Adaptation has become the developmental buzzword the world over, particularly in developing countries.
By Peter Makwanya
The main troubling factor is that adaptation always comes with costs, as such, many developing countries are struggling in confronting enormous costs littered on their developmental pathways.
Financial challenges are ever inherent in Africa’s funding discourse and mechanisms.
Also, the begging syndrome is quite common among many developing nations, therefore, they always expect that assistance should always come from elsewhere, which is a narrow and tunnel vision way of approaching livelihood issues.
While some African or other developing countries have the necessary human capital development skills, the challenge to adapt appropriately and sufficiently is also a human challenge, which need to be handled proactively.
Although climate change is everywhere around the world, it is felt more in Africa, because of its vulnerability status and the lack of seriousness by African leaders to invest in development.
The concept of adaptation is still not yet quite clear at grassroots level in developing countries.
Adaptation is a phenomenon that is twisted and manipulated by media houses in attempts to confuse the audience, who are largely climate illiterates and laypersons.
While the concept of adaptation is critical and a matter of urgency and survival, it is not taken seriously by the affected countries.
Adaptation frameworks and scenarios are loosely and carelessly articulated to the public as well as being weakly invested at national policy levels.
Therefore, Africa’s weakest point is that it always cries and expects too much from developed countries, paving way for abuse by these countries.
Africa’s other adaptation cause for concern is its inability to manage its water affairs properly, be it underground or surface water sources.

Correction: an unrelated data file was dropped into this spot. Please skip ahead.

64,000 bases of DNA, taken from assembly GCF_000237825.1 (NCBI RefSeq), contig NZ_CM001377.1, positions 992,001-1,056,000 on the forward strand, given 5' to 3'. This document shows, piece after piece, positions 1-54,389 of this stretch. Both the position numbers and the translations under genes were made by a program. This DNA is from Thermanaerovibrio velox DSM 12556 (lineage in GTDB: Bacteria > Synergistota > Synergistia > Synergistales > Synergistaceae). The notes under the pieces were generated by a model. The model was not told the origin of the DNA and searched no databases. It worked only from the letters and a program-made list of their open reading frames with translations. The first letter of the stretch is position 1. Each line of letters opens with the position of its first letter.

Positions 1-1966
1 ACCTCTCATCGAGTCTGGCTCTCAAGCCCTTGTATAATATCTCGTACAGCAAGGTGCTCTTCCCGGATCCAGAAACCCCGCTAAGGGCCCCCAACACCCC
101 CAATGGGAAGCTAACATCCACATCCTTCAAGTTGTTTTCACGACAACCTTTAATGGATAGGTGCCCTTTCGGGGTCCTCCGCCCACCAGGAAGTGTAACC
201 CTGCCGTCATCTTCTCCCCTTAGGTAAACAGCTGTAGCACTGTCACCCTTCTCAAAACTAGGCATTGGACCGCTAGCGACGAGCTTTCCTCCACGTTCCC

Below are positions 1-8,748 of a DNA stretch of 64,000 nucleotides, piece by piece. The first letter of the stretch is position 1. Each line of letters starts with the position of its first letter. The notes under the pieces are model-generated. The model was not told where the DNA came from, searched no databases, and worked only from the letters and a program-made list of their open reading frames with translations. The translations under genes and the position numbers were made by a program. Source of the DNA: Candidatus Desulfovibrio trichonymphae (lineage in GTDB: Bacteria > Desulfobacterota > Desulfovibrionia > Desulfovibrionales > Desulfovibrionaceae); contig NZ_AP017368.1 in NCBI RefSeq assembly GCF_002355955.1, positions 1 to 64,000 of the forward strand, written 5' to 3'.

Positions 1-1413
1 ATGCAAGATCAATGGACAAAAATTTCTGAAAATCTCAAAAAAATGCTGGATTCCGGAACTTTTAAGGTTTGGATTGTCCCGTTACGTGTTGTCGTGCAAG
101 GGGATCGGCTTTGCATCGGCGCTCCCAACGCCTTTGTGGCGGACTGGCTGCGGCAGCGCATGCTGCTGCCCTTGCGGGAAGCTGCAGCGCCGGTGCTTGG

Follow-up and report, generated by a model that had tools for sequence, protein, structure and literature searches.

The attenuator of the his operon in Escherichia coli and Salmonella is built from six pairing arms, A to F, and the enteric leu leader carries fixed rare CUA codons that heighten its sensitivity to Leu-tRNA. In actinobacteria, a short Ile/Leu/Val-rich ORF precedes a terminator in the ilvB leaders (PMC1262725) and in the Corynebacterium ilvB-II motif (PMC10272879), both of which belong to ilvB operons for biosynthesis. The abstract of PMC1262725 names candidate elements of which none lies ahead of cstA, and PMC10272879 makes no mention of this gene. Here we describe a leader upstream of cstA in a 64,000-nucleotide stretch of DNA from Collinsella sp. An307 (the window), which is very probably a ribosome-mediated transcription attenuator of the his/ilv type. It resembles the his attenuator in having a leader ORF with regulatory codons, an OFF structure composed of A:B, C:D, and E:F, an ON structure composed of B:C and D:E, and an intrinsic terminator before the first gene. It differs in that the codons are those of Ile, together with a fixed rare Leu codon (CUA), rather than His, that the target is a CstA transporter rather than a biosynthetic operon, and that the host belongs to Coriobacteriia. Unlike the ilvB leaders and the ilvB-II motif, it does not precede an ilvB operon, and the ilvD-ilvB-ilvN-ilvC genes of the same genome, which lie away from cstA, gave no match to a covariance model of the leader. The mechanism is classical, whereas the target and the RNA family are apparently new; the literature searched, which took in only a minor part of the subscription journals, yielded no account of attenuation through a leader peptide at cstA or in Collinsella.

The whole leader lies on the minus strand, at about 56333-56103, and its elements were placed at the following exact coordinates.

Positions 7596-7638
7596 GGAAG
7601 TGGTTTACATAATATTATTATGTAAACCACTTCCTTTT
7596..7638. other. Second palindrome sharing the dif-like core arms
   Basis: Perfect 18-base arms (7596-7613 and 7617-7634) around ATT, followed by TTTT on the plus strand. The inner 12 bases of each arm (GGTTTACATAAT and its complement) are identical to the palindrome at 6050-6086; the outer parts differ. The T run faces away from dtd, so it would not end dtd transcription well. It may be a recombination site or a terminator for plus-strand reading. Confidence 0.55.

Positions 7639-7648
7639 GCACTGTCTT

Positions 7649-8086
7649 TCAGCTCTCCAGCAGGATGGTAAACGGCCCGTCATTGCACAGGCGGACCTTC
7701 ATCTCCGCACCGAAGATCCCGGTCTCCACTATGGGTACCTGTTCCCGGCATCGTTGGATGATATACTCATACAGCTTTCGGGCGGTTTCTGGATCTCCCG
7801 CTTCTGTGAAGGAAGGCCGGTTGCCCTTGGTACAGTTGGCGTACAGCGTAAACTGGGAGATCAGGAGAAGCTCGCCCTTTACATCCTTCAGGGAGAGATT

There are water bodies that have contributed to the decline in water safety and quality, while they have allowed polluters to go scot-free.
Because of the water safety and scarcities, the majority of people in developing countries bear the brunt of travelling long distances in search of water.
There are many other adaptation challenges that are militating against Africa’s efforts to adapt, chief among them being finance to fund adaptation programmes and poor climate literacy, misinformation, double-speak and corruption.
Because adaptation requirements are many, Africa cannot cope, not because it lacks information, but it continuously suffers from a dependency syndrome.
While infrastructural development is lagging behind and is characterised by being obsolete and dangerous, there are challenges associated with poor weather interpretation and monitoring systems.
The other factor that is threatening to tear developing countries apart is that of rapid destruction of forests, uncontrolled burning of forests, and burning wood for household use and cutting down wood for sale.
This is an environmental factor that requires urgent attention.
Deforestation and burning of wood is stalling efforts of the role of forests mitigating climate change as carbon sinks and biodiversity protection.
The problem of wood is that despite being threatened by illegal logging, firewood and charcoal business, it still remains a popular fuel choice for the majority in any country, including the countries that are good at lecturing others on climate change and adaptation issues as well as dishing out green discourse doctrines around the world.
Finally, as winter approaches, in other parts of the world, wood has become more than a threatened species for cooking and warmth requirements.
For that reason, the environmental regulatory book is always thrown into the dust bin of climate and environmental ignorance.
Peter Makwanya is a climate change communicator. He writes in his capacity and can be contacted on: email@example.com